Rice, NCSU discovery could allow faster, smaller chips

Rice University and North Carolina State Universy scientists have developed a new semiconductor manufacturing technique that, according to them, could let firms like Intel "reach beyond the current limits of Moore's Law as they make microprocessors both smaller and more powerful."

The discovery essentially provides an avenue to circumvent the limits of doping—the act of introducing impurities into silicon. Rice Professor James Tour explains, "You have to put dopant atoms in silicon for it to work as a semiconductor, but now, devices are so small you get inhomogeneities. You may have a few more dopant atoms in this device than in that one, so the irregularities between them become profound."

So, what's the solution?

The paper suggests that monolayer molecular grafting -- basically, attaching molecules to the surface of the silicon rather than mixing them in -- essentially serves the same function as doping, but works better at the nanometer scale. "We call it silicon with afterburners," Tour said. "We're putting an even layer of molecules on the surface. These are not doping in the same way traditional dopants do, but they're effectively doing the same thing."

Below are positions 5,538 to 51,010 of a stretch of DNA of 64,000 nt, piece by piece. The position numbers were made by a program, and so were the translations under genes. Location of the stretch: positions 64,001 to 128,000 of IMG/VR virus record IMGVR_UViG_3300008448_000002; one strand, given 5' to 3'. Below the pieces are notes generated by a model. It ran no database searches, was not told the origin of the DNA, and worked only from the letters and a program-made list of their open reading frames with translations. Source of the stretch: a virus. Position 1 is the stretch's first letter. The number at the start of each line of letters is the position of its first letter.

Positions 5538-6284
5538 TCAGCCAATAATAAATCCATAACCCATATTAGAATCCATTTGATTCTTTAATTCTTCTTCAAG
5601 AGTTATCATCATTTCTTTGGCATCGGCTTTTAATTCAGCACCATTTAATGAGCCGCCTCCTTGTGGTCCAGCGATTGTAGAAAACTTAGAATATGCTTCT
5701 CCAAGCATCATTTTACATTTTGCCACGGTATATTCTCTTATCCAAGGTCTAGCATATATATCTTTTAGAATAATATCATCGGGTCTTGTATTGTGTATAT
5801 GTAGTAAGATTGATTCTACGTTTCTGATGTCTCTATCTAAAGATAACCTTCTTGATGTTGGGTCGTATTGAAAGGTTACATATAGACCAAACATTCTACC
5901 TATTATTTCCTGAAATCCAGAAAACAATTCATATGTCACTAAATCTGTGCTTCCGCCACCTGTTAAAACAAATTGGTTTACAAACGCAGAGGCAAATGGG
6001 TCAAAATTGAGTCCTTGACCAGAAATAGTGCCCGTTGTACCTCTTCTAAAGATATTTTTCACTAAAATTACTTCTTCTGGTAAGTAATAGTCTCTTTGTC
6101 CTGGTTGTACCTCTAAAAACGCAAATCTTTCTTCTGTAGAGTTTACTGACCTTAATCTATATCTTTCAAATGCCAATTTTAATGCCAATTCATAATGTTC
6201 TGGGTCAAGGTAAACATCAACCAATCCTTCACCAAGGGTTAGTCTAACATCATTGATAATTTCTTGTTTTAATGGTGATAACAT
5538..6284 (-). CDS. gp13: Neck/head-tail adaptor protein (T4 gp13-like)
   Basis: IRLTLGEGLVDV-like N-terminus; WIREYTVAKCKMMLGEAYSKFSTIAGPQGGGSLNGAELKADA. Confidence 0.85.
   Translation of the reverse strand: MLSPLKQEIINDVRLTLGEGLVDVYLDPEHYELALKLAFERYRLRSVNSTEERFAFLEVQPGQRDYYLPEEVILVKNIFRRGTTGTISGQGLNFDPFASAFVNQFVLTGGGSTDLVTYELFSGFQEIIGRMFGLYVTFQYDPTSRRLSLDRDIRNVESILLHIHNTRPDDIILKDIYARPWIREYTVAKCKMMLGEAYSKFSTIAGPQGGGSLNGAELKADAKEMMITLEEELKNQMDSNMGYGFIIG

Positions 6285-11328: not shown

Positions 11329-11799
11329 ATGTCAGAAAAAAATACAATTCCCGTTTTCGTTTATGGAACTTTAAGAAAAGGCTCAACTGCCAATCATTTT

Tour goes on to say, "This gives the Intels and the Microns and the Samsungs of the world another tool to try, and I guarantee you they'll be trying this." You can check out the paper for yourself by hitting the American Chemical Society website, although if you're not already registered, then you'll have to pay up for the privilege.

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